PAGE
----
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12:15 PM | **March to come in like a lion…a cold lion…much of the nation to be colder-than-normal next week…snow threat in Mid-Atlantic late Thursday night/early Friday...another threat late Sunday**

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12:15 PM | **March to come in like a lion…a cold lion…much of the nation to be colder-than-normal next week…snow threat in Mid-Atlantic late Thursday night/early Friday...another threat late Sunday**

Paul Dorian

The first full work week of March promises to be much colder-than-normal across a large part of the nation; map courtesy NOAA/EMC, tropicaltidbits.com

The first full work week of March promises to be much colder-than-normal across a large part of the nation; map courtesy NOAA/EMC, tropicaltidbits.com

Overview

March may come in like a lion…a cold lion…as about 2/3rds of the nation will be well below normal for early March with the cold wave extending from the Rockies to the New England coastline and to the Gulf coast.  In addition, the calendar turn from February to March will be accompanied by an active weather pattern with multiple waves of energy and an accumulating snow threat in the I-95 corridor late tomorrow night/early Friday and another wintry event possible late in the weekend.

Details

February is ending on a chilly note in much of the northern US and the first full week of March will be much colder-than-normal across a large area of the nation.  In addition to the cold, several waves of energy will trek across the country in coming days bringing threats of late season snow to the Mid-Atlantic region.  One wave of energy is actually impacting the Northeast US today with some snow as it drops southeastward like a “clipper” system across the Great Lakes region.  Snow from this system can reach as far south as the northern suburbs of Philly (e.g., Bucks County) later today/tonight and places like upstate PA, northern NJ and NYC can receive small accumulations. 

12Z GEM forecast map for Friday morning features low pressure in the Southeastern US and snow (in blue) in much of the Mid-Atlantic; map courtesy CMC, tropicaltidbits.com

12Z GEM forecast map for Friday morning features low pressure in the Southeastern US and snow (in blue) in much of the Mid-Atlantic; map courtesy CMC, tropicaltidbits.com

The next chance of snow in the I-95 corridor will come late in the work week as low pressure heads our way from the Midwest.  The air mass is likely to be just cold enough to support snow in the DC-to-Philly corridor late Thursday night/early Friday although freezing rain and/or sleet can certainly mix in at times. Accumulations are possible in both of these metro regions – perhaps on the order of a coating to an inch or two – and there may be some impact on the Friday AM commute.  It is still a bit unclear as to whether this system will push far enough to the northeast to result in snow in NYC and points north and east of there.  Following this system, it’ll stay unsettled on Saturday with yet another wave of energy likely generating some rain in the Mid-Atlantic and snow can be mixed in at times as well.  A cold front slides towards the Mid-Atlantic from the northwest on Sunday and this boundary zone could set the stage for a wintry event late in the weekend.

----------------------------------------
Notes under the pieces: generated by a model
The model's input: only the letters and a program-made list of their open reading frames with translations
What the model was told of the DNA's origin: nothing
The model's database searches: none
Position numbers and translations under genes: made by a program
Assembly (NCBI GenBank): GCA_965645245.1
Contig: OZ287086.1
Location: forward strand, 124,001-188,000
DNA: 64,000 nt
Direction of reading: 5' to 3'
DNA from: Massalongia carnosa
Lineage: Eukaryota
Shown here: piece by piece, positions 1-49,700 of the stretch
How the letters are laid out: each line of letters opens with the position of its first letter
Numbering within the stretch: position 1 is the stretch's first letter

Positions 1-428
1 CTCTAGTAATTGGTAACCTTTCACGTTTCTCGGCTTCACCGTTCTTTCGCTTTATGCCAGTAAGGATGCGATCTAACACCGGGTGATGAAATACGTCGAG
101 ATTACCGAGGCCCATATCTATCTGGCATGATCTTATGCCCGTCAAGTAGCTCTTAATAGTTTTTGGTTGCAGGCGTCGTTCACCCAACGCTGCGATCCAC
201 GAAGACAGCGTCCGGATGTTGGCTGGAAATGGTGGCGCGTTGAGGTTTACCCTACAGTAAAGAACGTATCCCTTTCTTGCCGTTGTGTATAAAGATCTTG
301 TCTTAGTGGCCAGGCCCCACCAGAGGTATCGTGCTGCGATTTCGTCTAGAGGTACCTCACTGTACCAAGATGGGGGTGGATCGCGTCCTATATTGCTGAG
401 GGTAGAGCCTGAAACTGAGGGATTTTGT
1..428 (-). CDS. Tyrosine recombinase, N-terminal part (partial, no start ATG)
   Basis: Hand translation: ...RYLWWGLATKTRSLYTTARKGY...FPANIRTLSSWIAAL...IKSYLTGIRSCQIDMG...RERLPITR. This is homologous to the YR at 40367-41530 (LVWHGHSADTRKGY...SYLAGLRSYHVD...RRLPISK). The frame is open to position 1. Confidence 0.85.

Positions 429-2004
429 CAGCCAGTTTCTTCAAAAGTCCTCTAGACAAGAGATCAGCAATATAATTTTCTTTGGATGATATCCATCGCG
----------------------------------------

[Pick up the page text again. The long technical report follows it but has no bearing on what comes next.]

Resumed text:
12Z GEM forecast map for Monday morning features strong low pressure off the southern New England coastline with snow (in blue) and rain (in green, yellow) in much of the Northeast US; map courtesy CMC, tropicaltidbits.com

12Z GEM forecast map for Monday morning features strong low pressure off the southern New England coastline with snow (in blue) and rain (in green, yellow) in much of the Northeast US; map courtesy CMC, tropicaltidbits.com

By later Sunday, the frontal boundary zone is likely to act as a conduit for copious amounts of moisture to ride along from the south-central US into the Mid-Atlantic region.  The influx of a fresh, cold air mass raises the chances for snow or a wintry mix in the Mid-Atlantic region late in the weekend, but it is too early to say how much precipitation will fall and if a changeover to rain can take place.  What is quite certain is that temperatures will be well below normal following this system across much of the nation as we move through the first full work week in the month of March.  The coldest core of the air mass next week relative-to-normal is liable to extend from Montana to the Great Lakes and this is a region of the country that has suffered through a tough winter.  One interesting stat, for example, is that Great Falls, Montana has averaged 27 degrees below normal for the soon-to-end month of February…March doesn’t look much better for them.

Stay tuned…it’s going to be quite an active beginning to the month of March. 

Meteorologist Paul Dorian
Perspecta, Inc.
perspectaweather.com

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